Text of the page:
📚 node [[strength]]
  • Did you buy in to the [[training]]? Do you believe that you need it?
  • Do you enjoy the training? Without these two factors, you will stop training.
  • Do you like variety? Do you like consistency? Do you like milestones? Change your program to suit your preferences.
  • Feel how the bar moves in your hand. Feel how that [[movement]] feels in your back. In your hips. In your glutes. In your feet. In your shoulders. Simply notice.
  • Weights must be light enough that you can easily maintain [[balance]].
  • Usually .60 of your 1 rep max.
  • If you don't know what that is, try about 15% less than the heaviest weight you feel comfortable lifting.
  • In the beginning, avoid training to failure. You should be at least 3 reps away from failure, when you area newbie lifter.
  • Check with videos of how [[competitive]] lifters do it. Use a variety of sources, different body types will lift a little differently.
  • Training to lift 2-4 times a week is best in the beginning, since it gives you time to [[recover]].
  • Muscle [[protein]] synthesis takes about 36-48 hours for new lifters (to contrast with 24ish for experienced lifters or 12ish with steroids). This is how long recovery takes.
  • Pay [[attention]] to where your [[body]] is in [[space]].
  • Be [[aware]] of what each of your muscles are doing. If some group is compensating for one muscle, find a way to isolate and build strength in that muscle.
  • If you are fat, a smaller percentage of your gains will be [[muscle]]. For this reason it is often better to cut first and then focus on bulking only after you've cut to a healthy [[body]] composition, like at least as low as 12-5% if you're male or 20-25% if you're female.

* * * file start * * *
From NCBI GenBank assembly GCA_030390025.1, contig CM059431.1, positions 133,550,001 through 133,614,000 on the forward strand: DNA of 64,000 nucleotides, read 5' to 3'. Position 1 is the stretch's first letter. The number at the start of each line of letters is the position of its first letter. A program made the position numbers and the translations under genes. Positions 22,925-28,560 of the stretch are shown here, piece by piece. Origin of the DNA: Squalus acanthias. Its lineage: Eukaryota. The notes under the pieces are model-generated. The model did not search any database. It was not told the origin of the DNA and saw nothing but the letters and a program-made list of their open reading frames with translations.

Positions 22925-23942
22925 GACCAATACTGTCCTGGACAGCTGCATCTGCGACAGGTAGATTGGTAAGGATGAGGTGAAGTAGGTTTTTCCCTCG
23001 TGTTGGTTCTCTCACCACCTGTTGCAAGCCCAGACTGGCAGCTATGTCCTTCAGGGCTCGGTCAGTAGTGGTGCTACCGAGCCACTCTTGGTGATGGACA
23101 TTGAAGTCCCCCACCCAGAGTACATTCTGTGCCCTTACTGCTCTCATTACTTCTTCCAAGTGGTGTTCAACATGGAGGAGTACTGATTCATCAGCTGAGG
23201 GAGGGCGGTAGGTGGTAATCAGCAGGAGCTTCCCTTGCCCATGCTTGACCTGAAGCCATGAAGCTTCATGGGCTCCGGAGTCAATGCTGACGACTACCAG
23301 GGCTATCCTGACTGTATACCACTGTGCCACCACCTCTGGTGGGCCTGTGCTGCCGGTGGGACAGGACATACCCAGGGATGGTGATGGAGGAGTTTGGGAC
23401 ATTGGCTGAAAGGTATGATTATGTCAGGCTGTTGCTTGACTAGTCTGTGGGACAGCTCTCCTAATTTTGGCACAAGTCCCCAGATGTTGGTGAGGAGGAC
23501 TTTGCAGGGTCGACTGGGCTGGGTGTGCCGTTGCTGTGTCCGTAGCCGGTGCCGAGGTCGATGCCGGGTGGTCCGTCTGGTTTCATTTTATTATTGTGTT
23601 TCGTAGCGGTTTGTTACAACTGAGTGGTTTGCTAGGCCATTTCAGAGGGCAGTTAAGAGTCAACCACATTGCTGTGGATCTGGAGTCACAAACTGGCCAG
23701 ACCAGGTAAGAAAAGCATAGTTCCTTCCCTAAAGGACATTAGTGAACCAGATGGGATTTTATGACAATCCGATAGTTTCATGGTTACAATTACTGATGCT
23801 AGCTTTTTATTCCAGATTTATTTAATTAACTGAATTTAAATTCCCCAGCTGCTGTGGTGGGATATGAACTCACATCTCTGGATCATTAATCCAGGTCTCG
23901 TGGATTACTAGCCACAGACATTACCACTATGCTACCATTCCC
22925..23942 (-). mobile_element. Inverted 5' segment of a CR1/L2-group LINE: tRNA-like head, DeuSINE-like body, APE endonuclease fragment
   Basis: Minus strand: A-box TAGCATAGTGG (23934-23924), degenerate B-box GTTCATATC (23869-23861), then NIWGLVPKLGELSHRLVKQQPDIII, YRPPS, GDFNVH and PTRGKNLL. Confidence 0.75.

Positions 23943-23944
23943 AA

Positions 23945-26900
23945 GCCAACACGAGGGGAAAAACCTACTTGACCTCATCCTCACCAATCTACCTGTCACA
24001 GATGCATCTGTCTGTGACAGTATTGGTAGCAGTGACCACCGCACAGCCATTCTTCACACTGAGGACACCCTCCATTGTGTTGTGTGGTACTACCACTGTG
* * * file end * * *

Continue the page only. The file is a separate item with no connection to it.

• A good rule of thumb for the [[aerobic]] base that you need for lifting is if your resting heart rate is in the low 60s or lower. If it is higher you'll need to work on improving your cardio. About 20mins of light [[cardio]] per day is good for lifting otherwise, preferably after you lift rather than before.
  • [[Sleep]] as long as your body needs. If you're not sleeping well, you're not building muscle.
  • Stick with your beginner's routine until it is beginning hard to add weight. This is usually 2-6 months.
  • After this point you're ready to lift in Brodin's hall, and you'll need to handcraft a program for your body.
  • To dominate in [[powerlifting]], you're going to need [[mass]]. Not like a bodybuilder necessarily (more well-rounded than that), but muscle mass per unit of height.
  • Muscle mass is potential strength.
  • Your goal would be to get as heavy as possible while maintaining 15% (20% for females) body fat or less and protecting the joints as much as possible.
  • "Weight classes are height classes in disguise."
  • 3 goals for intermediate lifting:
    1. get jacked
    2. protect [[joints]]
    3. maintain or increase skill with lifts
  • -Increase intensity of main lifts from .60 of 1repmax to .75-80. -Include more variation in main lifts. For example, instead of just doing a squat, do paused squats, front squats, hammer squats, etc. -keep volume of main lifts low to moderate, stay at least 1 or 2 reps shy of failure at all times. -Get the bulk of your training volume from accessory lifts for all major muscle groups, with sets of 6-15 reps, training each muscle/movement 2-3 times per week for 4-6 sets (or 40-70 total reps) per session.
    -shoot for small personal records (PRs) every four weeks at first. When that fails, go to 8 weeks, then 12 weeks. -have a bulk and a cut phase. Bulk to around 22%fat for males, 28% for females. Cut back down to 15% or 20%.
  • This part would take 3-8 years. You would put on 3-5lbs of muscle every year. Once you don't put on 3lbs of muscle in a year, it's time to go Brohalla and start focusing on upping your [[Personal Record]]s drastically.
📖 stoas
⥱ context
⥅ related node [[sleep]]
⥅ related node [[strength in diversity]]
⥅ related node [[strengths finder 2 0]]
⥅ related node [[training]]